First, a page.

Letter to the Editor

Write a Letter to the Editor

A letter to the editor (LTE) is a short letter to a local newspaper or publication that gives your opinion on an issue, and calls on local or Federal politicians, or fellow community members, to take action.

We’ve put together a tool to help you get started. Each tab below includes some tips and a walk-through, and instructions on how to submit your letter to one of the local papers in Canberra.

Why write a letter to the editor?

Believe it or not, the letter to the editor section is one of the most widely read parts of a newspaper (along with the Sports page). These letters can help shift community opinions on important issues by:

Raising awareness: A letter to the editor (LTE) is a great way to raise the profile of an issue.

Responding rapidly: Many publications print LTEs within a day or two of receiving them, making them one the most effective actions when trying to respond quickly to new developments or announcements.

Sending a message to politicians: LTEs show local and Federal politicians that their constituents (that’s you!) care passionately about an issue and will hold them accountable.

Energising supporters and thanking supportive politicians: Published letters fire up local supporters and show supportive politicians that their constituents have their back when they lead on important issues.

Persuading: LTEs can show how an issue affects local people in a way that those on the fence—including politicians—can sympathise with.

Do’s and don’ts of writing letters

People read LTE’s to find out:

  • How local people think or feel about an issue.
  • How an issue is affecting their community.
  • What the major impacts of an action could be.

People do not read LTE’s for:

  • In-depth policy talk: LTEs should be short and personal, demonstrating the local connection to an issue and the views of community members. You don’t have to be an expert to share your personal story. Many papers rarely print letters that are long or broad.
  • National political debates: People turn to TV and large publications to learn about the national debate on the issues. LTEs that don’t focus on the community will likely not be selected for publication in a local paper. (However, the Canberra Times will sometimes publish letters on national issues.)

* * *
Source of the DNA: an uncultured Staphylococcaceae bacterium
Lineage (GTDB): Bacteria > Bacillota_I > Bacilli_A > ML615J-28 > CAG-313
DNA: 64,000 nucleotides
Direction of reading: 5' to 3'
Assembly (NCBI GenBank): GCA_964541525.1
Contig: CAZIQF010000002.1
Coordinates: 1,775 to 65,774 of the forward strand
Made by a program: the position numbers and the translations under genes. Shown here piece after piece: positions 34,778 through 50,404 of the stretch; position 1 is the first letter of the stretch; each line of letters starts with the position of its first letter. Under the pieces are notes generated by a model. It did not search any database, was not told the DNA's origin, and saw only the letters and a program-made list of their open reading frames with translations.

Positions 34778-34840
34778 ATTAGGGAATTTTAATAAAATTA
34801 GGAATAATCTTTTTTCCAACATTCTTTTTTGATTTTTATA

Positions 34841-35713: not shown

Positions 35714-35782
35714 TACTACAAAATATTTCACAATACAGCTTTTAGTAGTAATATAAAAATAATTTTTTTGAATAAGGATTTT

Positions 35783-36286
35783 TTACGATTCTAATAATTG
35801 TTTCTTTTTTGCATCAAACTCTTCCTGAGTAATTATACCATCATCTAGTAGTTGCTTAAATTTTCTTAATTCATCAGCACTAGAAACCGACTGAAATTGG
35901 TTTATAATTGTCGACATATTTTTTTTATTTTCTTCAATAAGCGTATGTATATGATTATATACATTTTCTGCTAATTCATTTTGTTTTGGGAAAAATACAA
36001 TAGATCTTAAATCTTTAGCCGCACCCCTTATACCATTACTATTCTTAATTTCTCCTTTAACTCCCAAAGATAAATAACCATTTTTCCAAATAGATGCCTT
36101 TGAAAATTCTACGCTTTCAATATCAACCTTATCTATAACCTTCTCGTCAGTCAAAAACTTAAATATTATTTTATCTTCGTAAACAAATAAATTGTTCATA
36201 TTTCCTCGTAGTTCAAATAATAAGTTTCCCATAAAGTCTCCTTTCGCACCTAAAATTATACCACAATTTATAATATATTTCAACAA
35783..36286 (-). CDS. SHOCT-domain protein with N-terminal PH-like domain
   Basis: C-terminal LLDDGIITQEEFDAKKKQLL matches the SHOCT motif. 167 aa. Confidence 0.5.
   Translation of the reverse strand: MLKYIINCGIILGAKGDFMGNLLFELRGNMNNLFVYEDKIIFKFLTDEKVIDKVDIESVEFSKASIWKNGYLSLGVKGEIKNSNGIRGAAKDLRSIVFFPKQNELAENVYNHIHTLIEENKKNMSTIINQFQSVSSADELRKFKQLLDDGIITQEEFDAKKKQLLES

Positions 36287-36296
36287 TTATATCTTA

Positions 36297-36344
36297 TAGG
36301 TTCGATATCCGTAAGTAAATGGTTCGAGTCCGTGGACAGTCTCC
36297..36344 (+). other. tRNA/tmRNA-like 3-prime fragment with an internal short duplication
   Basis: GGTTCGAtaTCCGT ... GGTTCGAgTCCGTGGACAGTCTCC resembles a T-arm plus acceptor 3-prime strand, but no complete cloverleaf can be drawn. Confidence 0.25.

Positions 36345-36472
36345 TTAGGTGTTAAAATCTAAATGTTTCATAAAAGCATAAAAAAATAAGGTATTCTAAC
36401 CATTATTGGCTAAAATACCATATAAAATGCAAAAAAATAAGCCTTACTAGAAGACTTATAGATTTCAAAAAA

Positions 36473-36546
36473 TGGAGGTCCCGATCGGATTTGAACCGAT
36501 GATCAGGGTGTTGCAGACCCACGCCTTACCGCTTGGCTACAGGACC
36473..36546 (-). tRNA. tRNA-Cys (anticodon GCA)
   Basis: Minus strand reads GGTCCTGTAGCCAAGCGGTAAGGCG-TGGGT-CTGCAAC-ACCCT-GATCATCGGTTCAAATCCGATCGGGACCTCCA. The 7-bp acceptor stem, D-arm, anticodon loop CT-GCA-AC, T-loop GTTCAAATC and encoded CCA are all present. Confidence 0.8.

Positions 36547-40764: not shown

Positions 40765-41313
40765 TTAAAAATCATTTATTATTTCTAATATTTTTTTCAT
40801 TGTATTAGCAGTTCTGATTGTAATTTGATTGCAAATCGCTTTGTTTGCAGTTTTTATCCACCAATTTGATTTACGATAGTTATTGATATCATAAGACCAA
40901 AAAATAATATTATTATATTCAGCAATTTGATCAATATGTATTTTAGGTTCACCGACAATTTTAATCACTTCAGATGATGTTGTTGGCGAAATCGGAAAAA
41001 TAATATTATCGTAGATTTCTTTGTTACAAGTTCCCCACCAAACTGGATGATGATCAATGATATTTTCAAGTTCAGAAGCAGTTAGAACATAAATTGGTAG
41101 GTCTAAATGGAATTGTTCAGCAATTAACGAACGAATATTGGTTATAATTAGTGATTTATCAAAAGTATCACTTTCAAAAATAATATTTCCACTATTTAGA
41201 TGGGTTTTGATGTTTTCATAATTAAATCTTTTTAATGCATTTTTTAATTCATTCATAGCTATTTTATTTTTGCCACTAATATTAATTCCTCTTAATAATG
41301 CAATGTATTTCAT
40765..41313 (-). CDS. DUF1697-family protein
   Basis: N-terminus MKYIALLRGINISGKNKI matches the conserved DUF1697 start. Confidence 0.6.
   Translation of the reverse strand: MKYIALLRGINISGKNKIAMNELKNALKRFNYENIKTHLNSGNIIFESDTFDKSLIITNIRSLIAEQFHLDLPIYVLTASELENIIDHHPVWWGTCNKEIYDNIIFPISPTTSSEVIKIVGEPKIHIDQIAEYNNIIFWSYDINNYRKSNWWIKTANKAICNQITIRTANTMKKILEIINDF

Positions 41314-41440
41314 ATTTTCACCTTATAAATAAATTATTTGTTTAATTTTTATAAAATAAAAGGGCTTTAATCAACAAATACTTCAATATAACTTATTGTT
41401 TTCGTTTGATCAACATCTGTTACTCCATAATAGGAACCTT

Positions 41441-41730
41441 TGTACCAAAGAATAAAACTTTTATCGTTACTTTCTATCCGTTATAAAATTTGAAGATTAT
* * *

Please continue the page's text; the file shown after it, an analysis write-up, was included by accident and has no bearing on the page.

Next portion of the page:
Writing your letter

Keep it short. Stay within the publication’s rules—likely no longer than 250 or 300 words. Shorter letters are the most effective. Get to the point.

Tell your story. Make the issue human by describing how the issue has affected you or someone you know. Start your letter with a brief personal story—yours or someone else, like family, a coworker, or a friend. Even someone you’ve met on a plane or bus ride, or in line at the grocery store can be a great subject for an anecdote.

Know your audience. What type of publication are you writing for, and who is reading it? Keep things local.

DON’T delve into policy. Avoid using a long string of dull facts—there’s not enough room in 300 words to make a nuanced policy argument, and your passion is more powerful.

Use powerful language. Let your feelings show. Use powerful verbs and descriptive nouns. Write short, punchy sentences. Vary sentence length. This will help your letter stand out and make it more likely to be published.

Make a call to action. End your letter with a specific call to action to your local lawmakers or community members. Your LTE will only be effective if it gets others to take action!

Check for proper grammar and spelling. Ask a friend to take a look at your letter before you submit. Letters with error will likely not be published, or they might be published with the your errors.

Send your letter

Use the form below to send a letter to the editor to one of the local Canberra newspapers.

After you get published

After you send your LTE, keep an eye out! Many publications, especially small ones, may not tell you if you will be published because you have already given your permission by sending it.

If you are published—Success!

Congratulations! Your message is being heard.

Make sure to reshare the message on Facebook, Twitter, and other social media outlets. Use the sharing featured on the website to send it to family, friends, and neighbours to help it rise on the “most e-mailed” or “most shared” list if the site has one.

Also, make sure you let us know

Send your letter

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